Although the July 3 announcement regarding the discovery of the Higgs boson particle was made in Geneva, Switzerland, physicists at the SLAC National Accelerator Laboratory in Menlo Park were anything but distanced from the discovery.
Some Stanford researchers were there in Geneva. Ten Stanford-affiliated physicists were on location working for CERN at the European Laboratory for Particle Physics, some were in attendance at the International Conference of High Energy Physics in Melbourne, Australia, and some 25 theorists and six experimentalists waited until midnight to watch the announcement from SLAC itself.
The announcement revealed the findings of two independent research projects based at the Large Hadron Collider in Geneva — Compact Muon Solenoid (CMS) and ATLAS — which confirmed the existence of a particle that fit the profile constructed for the Higgs boson after years of speculation. Several SLAC physicists played a role in the ATLAS project.
“We saw the… reconstructed mass from the two experiments was roughly the same, 125 to 126 gigaelectron volts,” said SLAC experimental physicist Tim Barklow. “They both saw roughly the same signal and the same decay modes and roughly the same mass. And they both achieved that independently, so it was just absolute confirmation that a new particle had been seen.”
The important discovery of the particle resulted in an outpouring of praise and awe from scientists across the globe. The Higgs boson would explain the origin of mass through the establishment of a Higgs field, a ubiquitous quantum field responsibly for giving elementary particles their mass.
“What’s important is this thing called the Higgs field… and that’s what makes things have mass, that’s what makes things even exist,” said Andy Freeberg, director of media relations for SLAC. “So finding this Higgs boson, this particle, is sort of evidence for the fact that the Higgs field exists.”
Freeberg compares the Higgs field to a magnetic field. While in a magnetic field, objects are acted upon based on their mass, and a Higgs field would in and of itself determine this mass. The mass would be decided based on the extent to which the Higgs field interacts with different types of particles.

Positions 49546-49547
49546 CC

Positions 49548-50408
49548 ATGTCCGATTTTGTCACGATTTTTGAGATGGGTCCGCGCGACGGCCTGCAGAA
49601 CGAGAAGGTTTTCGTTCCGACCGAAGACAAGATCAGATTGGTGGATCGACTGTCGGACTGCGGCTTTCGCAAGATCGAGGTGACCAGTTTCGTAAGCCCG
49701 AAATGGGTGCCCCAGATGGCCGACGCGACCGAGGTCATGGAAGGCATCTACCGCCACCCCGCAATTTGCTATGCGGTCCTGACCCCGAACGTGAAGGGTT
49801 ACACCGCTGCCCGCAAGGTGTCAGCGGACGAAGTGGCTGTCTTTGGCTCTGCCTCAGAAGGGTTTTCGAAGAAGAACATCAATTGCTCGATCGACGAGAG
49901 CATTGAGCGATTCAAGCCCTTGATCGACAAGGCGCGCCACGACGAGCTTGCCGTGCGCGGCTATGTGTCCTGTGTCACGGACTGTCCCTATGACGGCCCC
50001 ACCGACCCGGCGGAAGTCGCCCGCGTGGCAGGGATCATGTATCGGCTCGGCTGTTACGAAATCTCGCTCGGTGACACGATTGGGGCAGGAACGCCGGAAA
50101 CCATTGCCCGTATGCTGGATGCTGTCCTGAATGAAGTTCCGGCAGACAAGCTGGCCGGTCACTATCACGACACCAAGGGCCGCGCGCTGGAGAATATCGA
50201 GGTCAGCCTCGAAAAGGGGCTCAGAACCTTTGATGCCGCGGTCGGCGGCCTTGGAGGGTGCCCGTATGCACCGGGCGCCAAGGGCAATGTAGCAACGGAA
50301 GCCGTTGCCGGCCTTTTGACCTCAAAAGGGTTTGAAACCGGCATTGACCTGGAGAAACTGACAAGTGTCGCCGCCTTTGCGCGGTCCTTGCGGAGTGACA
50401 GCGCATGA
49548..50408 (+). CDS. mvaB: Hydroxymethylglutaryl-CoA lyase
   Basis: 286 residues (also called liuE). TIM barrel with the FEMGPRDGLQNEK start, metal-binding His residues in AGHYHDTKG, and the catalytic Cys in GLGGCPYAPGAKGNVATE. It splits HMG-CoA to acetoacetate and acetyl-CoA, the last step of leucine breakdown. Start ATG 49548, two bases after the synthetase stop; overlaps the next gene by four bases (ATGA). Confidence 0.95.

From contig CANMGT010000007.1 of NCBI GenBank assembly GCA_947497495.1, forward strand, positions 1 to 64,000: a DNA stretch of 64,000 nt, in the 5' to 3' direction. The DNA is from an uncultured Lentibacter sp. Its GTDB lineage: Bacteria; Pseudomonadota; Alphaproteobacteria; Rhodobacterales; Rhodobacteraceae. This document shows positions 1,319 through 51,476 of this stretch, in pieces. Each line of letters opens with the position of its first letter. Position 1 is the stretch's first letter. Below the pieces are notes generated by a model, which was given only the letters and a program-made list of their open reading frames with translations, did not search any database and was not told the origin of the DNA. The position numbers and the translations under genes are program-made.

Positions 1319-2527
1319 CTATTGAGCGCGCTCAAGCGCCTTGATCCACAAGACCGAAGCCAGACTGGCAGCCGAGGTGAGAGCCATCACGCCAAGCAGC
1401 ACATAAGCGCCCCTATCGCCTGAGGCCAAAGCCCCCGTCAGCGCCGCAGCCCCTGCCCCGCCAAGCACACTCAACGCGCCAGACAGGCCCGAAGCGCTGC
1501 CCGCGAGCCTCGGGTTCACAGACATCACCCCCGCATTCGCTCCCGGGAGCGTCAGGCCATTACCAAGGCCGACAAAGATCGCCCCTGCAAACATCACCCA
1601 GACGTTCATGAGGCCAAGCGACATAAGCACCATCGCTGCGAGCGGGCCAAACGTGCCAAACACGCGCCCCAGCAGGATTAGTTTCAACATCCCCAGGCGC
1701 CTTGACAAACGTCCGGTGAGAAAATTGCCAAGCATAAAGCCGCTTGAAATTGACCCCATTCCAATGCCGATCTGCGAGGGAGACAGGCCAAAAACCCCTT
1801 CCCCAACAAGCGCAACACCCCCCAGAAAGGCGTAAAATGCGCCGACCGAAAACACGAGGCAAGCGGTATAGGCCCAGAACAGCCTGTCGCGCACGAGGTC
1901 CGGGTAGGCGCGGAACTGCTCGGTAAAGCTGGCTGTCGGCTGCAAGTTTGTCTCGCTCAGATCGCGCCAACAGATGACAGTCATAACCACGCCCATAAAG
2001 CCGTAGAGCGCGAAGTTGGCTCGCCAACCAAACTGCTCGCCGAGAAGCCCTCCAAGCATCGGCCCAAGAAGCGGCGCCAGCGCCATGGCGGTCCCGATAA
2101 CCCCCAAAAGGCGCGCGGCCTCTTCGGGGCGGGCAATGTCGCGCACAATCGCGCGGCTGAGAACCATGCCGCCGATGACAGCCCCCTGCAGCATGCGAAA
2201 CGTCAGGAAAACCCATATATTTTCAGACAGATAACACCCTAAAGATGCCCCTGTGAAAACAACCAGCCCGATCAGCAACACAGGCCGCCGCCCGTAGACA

“The Higgs boson confirms what has been a crucial part of our understanding of subatomic particles for several decades,” Barklow said. “[It] has been theorized to give mass to all the fundamental particles in nature. And… the particle associated with this Higgs field has now been discovered after decades of searching.”
On top of the 40-odd SLAC physicists who played a direct role in the ATLAS project, research conducted at SLAC in the 1990s also paved the way for the discovery of the particle. Although SLAC’s particle collider is no longer in use, it facilitated research on the Z boson, another elementary particle. The understanding of the Z boson “helped determined where to look for the Higgs boson,” according to Freeburg.
Despite this landmark discovery in physics, however, both Barklow and Freeberg say that there is still much more ground to cover. The complexities of the Higgs boson and Higgs field still need to be mapped out. Their hope is that pinning down these specifics will allow the world of physics to apply this knowledge to other pressing questions, such as the existence of supersymmetry.
“This really key model, the standard model of physics, works,” Freeberg said, “and all of the major pieces are potentially now in place.”